Ukrainian students at Michigan State University concerned about family back home

Ukrainian students at Michigan State University concerned about family back home
Published: Apr. 18, 2022 at 10:22 PM EDT|Updated: Apr. 18, 2022 at 11:08 PM EDT
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EAST LANSING, Mich. (WILX) - Ukrainian President Volodymyr Zelenskyy said Russia’s plan to take control of eastern Ukraine is in full swing Monday.

Read: Zelenskyy: Russian offensive in eastern Ukraine has begun

The announcement came after airstrikes in Lviv, which was once a place of refuge early in the war. The area is now filled with damage and rubble.

Ukrainians in Michigan watched the destruction in their homeland unfold, many of them being students at Michigan State University.

At least one student has immediate family in Lviv. They’re asking for people to keep the situation in Ukraine at the top of their mind.

“I woke up to my mom saying Lviv was bombed and then having this horrible, horrible gut feeling,” said Neonila Kossak.

She’s a law student at MSU whose entire family is in Lviv. Monday morning, Kossak received a message that startled her out of bed. Luckily, everyone was OK, but the constant worrying still plagues her.

“There are days when they don’t pick up and those days are scary. We just have to kind of convince ourselves that they’re probably just away from the phone or they’re in a shelter and they can’t pick up,” Kossak said. “So, it’s just having those mental conversations with yourself time and time again for these past 50, I think, 54 days it’s been now?”

“Thankfully, from what I know so far, my family is OK,” said Tina Deychakiwsky.

She’s another Ukrainian student dealing with the stress of war. While most of her family has fled the country, she still has some relatives in the middle of the conflict. She stands with Zelenskyy and believes her people should never go along with the demands of Russian president Vladimir Putin.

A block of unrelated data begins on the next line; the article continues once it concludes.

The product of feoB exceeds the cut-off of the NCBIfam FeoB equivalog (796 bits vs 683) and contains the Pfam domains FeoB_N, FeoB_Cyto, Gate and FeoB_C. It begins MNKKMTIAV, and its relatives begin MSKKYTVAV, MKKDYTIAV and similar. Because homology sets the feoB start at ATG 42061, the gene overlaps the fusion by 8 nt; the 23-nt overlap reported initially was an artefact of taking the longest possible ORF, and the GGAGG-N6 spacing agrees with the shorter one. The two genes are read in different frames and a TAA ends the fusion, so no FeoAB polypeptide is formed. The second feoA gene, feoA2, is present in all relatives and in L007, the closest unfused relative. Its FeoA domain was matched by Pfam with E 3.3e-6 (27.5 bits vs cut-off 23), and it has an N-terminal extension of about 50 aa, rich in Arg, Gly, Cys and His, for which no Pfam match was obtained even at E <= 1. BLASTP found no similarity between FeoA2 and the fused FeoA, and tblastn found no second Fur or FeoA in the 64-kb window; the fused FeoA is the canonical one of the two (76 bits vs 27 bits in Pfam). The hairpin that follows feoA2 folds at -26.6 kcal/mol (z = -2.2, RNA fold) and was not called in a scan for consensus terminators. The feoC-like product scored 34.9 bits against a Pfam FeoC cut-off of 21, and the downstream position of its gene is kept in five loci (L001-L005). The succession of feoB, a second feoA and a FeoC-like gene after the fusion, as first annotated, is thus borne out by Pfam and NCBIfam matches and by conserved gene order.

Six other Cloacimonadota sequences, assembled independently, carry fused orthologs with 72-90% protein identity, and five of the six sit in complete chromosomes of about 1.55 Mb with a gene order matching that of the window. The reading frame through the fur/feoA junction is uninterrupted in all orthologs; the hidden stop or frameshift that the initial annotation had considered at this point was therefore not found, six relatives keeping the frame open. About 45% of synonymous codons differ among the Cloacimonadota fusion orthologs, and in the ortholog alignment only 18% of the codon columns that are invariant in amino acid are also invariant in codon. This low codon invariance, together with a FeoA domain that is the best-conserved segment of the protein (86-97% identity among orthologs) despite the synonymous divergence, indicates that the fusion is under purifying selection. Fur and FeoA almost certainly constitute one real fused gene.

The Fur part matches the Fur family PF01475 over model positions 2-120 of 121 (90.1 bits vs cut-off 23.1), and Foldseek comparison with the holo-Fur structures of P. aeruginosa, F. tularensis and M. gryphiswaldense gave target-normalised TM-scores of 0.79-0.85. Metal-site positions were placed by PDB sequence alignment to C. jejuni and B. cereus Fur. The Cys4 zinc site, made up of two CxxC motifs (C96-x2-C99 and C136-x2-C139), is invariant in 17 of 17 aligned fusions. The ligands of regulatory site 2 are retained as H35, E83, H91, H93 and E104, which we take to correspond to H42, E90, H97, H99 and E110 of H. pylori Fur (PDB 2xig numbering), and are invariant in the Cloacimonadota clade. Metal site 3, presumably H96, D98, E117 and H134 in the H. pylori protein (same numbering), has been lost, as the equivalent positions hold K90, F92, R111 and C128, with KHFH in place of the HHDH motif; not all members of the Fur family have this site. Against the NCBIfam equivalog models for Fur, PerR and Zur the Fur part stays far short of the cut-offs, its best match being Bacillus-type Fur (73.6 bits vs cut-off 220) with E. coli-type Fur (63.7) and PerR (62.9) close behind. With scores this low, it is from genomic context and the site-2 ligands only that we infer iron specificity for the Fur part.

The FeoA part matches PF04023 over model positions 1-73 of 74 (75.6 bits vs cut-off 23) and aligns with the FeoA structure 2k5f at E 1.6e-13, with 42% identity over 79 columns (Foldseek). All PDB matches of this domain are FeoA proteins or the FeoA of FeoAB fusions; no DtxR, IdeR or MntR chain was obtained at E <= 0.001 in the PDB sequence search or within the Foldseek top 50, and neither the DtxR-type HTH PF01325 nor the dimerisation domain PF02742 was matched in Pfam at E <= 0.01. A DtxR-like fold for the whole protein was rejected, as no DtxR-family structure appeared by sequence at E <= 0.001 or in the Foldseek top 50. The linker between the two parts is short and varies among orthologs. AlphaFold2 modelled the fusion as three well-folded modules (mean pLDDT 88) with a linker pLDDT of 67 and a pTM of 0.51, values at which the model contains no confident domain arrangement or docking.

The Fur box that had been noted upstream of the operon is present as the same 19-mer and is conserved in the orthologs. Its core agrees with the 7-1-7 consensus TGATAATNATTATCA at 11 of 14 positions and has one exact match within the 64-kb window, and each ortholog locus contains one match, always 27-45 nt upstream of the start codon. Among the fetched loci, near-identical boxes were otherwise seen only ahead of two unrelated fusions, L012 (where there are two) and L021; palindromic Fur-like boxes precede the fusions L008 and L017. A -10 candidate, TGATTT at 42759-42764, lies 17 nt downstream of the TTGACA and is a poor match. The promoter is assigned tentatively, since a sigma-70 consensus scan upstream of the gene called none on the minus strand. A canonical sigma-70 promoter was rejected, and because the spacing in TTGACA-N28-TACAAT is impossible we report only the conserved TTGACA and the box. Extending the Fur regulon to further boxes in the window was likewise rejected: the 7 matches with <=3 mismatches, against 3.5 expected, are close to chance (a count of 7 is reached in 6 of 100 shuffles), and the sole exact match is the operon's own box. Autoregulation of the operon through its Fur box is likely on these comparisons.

“There’s been a lot of tragedy, but it’s almost a chance to finally take back everything that is Ukraine’s,” Deychakiwsky said. “If we give up our eastern part of Ukraine, it’s just going to keep getting worse and that’s what Russia wants.”

Kossak and Deychakiwsky are asking for Americans to support the Ukrainian people, regardless of how big or small.

“Wearing a little Ukrainian pin, putting ribbons on your car, little things go a long way to spread awareness and keep people talking about it because we can’t look away,” Kossak said.

“I’ve had some people reaching out to me saying, ‘I don’t know what to say,’ or ‘I don’t know if I’m overstepping,’” Deychakiwsky said. “If you’re showing support in any way or reaching out to a friend and asking how they are, you are not overstepping. The most you can do is ask questions and educate yourself.”

Kossak said there are more students just like her at MSU dealing with loved ones caught up in the war. Many of them have banded together to be there for one another as the war rages on.

A dance is being held at the Meridian Mall to raise money Saturday for Ukraine. The event runs 4-10 p.m. There is no admission charge, but guests are asked to donate money.


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